LONG BEACH SYMPHONY CLOSES SEASON

Times Music Writer

By the time the choral finale rolled around, conductor Murry Sidlin, 50 members of the Long Beach Symphony, four vocal soloists and a 130-voice chorus seemed fully warmed up for the inspirational ode that ends Beethoven's Ninth Symphony.

The movement then received a tight and joyous, dramatic and controlled reading, bringing to a close the Thursday-night series of the Long Beach orchestra in Terrace Theater at the Long Beach Convention Center.

The success of that finale showed all forces in strong form. The large chorus, combining several choirs from Cal State Long Beach--splendidly trained by Lee Vail--produced polished and pure tone, a contained intensity and many more understandable words than one might have expected.

The reduced instrumental ensemble--a Beethoven-size orchestra, according to Sidlin--brought energetic attacks and full-range dynamics to the composer's varied demands. Among other prominent contributors to this cohesive, if arguably understaffed, performance were the cellos and string basses, a total of seven players.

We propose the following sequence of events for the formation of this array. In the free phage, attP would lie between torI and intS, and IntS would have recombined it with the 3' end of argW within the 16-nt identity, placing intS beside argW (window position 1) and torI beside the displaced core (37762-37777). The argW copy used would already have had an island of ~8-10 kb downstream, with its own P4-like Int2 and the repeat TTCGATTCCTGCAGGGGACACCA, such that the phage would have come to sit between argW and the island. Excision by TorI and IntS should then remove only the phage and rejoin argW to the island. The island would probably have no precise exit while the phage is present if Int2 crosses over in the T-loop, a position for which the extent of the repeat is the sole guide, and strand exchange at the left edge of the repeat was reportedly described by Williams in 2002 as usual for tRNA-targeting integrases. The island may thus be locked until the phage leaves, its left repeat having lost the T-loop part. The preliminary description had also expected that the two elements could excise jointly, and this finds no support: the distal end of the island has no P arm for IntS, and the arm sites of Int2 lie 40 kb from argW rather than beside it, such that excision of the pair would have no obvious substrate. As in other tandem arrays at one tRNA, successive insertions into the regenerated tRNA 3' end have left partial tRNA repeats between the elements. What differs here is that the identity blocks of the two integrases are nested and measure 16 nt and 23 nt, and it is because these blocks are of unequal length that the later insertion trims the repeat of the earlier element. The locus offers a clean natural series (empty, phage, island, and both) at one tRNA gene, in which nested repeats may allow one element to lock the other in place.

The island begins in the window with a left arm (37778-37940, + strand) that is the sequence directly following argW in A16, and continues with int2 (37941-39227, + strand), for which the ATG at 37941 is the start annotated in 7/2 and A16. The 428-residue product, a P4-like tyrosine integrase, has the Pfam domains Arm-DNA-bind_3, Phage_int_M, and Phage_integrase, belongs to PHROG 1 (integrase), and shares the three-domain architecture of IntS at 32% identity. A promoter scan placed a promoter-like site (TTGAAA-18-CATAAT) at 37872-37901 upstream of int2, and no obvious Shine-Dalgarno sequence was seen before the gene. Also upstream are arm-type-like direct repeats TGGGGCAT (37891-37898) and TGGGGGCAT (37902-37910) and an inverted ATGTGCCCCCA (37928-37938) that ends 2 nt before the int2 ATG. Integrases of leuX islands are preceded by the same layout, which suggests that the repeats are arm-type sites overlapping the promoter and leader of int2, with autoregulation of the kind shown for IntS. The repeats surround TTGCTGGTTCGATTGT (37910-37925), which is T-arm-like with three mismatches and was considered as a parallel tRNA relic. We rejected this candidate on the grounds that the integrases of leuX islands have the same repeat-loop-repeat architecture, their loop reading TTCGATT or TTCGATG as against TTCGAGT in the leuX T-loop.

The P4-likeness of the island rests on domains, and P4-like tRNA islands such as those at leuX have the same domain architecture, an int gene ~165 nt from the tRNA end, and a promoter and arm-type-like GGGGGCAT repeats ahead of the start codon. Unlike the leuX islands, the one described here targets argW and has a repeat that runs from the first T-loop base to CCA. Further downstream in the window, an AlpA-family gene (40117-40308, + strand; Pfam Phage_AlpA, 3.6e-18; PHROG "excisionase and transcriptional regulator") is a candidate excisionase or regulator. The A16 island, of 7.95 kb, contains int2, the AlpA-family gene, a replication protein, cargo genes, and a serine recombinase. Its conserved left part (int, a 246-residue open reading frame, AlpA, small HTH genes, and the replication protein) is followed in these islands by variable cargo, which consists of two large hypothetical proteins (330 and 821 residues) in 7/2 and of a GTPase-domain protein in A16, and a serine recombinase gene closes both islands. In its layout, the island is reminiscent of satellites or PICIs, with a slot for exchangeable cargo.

The quartet of solo singers--Judith Caldwell, Kathryn Underwood, Jonathan Mack and Rodney Gilfry--coped bravely with their exposed duties. Through strength of declamation, rich sound and stylish delivery, Gilfry and Mack dominated.

Sidlin's forceful, detailed handling of each succeeding portion of this cumulative mosaic displayed again his clear authority and communicative leadership.

Unfortunately, the remainder of this intermissionless program occupied a much lower plateau of achievement and projection.

Sidlin's conducting of the same composer's "King Stephen" Overture failed to make the episodic piece cohere; in fact, the playing emerged as chaotic and disorganized as the conception. Since this is a work worth reviving, one lamented the apparently haphazard way Sidlin revived it.

The opening portions of the Ninth fell into the same category of unfinished business. A lack of contrasts, depth and continuity gave the first movement a sense of aimlessness inappropriate to its content.

In the Scherzo, more substance was revealed, but the coloristic palette remained limited. The slow movement began to expand in terms of instrumental resources and expressiveness, a quality of linearity emerged, and balances fell into place. Yet, even here, a feeling of less-than-complete preparation lingered. Only with the arrival of the finale did this strange performance change its course.

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